Reviewed by Lee Shepherd
I couldn’t shake the image of that PBS commercial.
You know the one I mean.
The camera zeroes in on a piano quintet. The music builds to a fever pitch. The musicians flail in their seats, tossing their hair wildly. Piano strings pop, violin strings break, bow hairs come loose and the climax? The string players smash their instruments. The message: “Be more passionate.”
That’s how the Brentano String Quartet plays – with such passion and ferocity that their instruments almost burst into flames.
Sunday’s program (April 18) was the last concert in the Binghamton Philharmonic’s 2009-2010 Chamber Series; the Anderson Center Chamber Hall at Binghamton University was about two-thirds’ full to hear violinists Mark Steinberg and Serena Canin, violist Misha Amory and cellist Nina Lee. The quartet, which is in residence at Princeton University, is named after Antonie Brentano, thought to be the mysterious “immortal beloved” Beethoven addressed in a love letter.
Vigorous physical intensity – that seems to be the Brentano’s hallmark. The three upper strings writhe in their seats as they play, expressing the drama of every note, exaggerating every nuance just in case you might miss it. The cellist’s facial expressions range from grim to grimace, letting us know how deeply she is affected by overwhelming emotions.
Extreme physical motion and heightened showmanship to viscerally engage the audience seem to be the hallmark of all the new young quartets on the concert circuit today. You have to wonder what’s next – 3 D projections and glasses?
The program notes, written by Steinberg and Amory, also were over the top, waxing poetic about “terrible incomprehensible forces coexisting with the beauty of tender vulnerability” and “depths of yearning, straining upward and long, mournful sighing downward the apotheosis of Romanticism and individual subjectivity.”
Doesn’t this quartet know its own worth? The players are hugely talented and have no need to gild their lily with so many extraneous trappings. Their tones match perfectly, and they play seamlessly – handing off melodies to one another so that you can’t tell where one instrument stops and the next starts. They play as if listening to one heartbeat.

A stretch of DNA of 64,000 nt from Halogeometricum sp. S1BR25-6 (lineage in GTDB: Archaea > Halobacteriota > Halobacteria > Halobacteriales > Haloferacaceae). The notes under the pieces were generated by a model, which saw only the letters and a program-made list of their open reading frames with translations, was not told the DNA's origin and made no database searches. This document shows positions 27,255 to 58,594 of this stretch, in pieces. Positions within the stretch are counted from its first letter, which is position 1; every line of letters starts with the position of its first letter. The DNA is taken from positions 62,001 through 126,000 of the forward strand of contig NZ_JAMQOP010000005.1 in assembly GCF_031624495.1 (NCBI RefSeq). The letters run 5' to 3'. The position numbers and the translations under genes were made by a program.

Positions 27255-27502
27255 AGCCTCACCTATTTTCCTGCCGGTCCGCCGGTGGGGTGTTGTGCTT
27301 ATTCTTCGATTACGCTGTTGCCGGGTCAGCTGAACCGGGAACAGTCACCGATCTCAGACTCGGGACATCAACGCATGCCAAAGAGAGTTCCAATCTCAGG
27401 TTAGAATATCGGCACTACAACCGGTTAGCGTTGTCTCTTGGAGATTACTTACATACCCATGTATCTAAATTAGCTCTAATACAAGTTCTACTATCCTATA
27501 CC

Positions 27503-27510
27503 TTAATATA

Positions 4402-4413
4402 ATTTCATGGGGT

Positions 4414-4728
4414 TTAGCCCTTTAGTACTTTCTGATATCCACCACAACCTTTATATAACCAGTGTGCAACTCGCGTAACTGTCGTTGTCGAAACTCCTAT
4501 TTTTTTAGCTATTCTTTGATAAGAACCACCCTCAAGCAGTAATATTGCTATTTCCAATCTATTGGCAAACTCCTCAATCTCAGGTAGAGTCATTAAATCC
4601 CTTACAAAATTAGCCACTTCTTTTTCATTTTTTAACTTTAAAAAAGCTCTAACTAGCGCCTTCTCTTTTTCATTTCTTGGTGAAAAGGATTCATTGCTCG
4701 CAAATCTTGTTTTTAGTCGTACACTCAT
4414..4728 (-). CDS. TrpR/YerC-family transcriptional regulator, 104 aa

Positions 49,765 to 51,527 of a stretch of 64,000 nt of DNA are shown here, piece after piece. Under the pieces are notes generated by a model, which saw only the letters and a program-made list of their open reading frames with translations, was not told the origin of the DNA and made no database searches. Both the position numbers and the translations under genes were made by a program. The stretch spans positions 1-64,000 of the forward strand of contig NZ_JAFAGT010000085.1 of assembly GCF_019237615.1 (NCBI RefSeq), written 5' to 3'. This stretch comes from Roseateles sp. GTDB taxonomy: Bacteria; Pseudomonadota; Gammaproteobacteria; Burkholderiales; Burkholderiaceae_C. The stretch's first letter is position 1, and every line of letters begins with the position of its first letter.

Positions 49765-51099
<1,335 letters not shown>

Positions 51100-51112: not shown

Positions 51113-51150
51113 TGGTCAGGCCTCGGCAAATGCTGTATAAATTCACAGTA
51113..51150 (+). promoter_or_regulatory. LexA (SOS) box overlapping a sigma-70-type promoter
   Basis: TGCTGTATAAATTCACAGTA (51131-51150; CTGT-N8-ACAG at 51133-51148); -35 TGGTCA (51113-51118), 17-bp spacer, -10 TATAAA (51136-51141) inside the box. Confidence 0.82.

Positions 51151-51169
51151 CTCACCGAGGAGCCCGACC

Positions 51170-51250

I closed my eyes for most of the concert and stuffed the program notes in my purse; only then could I truly enjoy the performance.
Franz Schubert’s “Quartettsatz in C minor” was intended to be the first movement of a quartet, but Schubert died before he could complete it. The Brentano played it at warp speed, of course, and with bursts of anger driving them forward.
Benjamin Britten’s “String Quartet No. 3” also was written in the last stages of the composer’s life – but he had time to finish the work. Within its five movements, there are many beautiful moments, but no over-arching melodies that you’d recall and hum the next day. A high point, literally, is the third movement in which the first violin, accompanied by only one other voice at a time, ascends to alpine heights, leaving listeners breathless.
What made the concert worth way more than the price of admission was the Brentano’s spell-binding rendition of Beethoven’s “String Quartet in C-sharp minor, Op 131.” It’s a massive piece of music, calling for mental and physical endurance. There was no stopping between movements that ranged from burlesque and chorale, to fugue, to playful scherzo, to a surprise happy ending in the consoling key of C-sharp Major.
With my eyes firmly shut, the passion of this sublime music came through loud and clear.
Next season’s BPO chamber series features pianist Jon Nakamatsu on Sunday, Feb. 27,  2011, and the Miro Quartet on Sunday, March 27, both at 3 p.m. Visit for more information.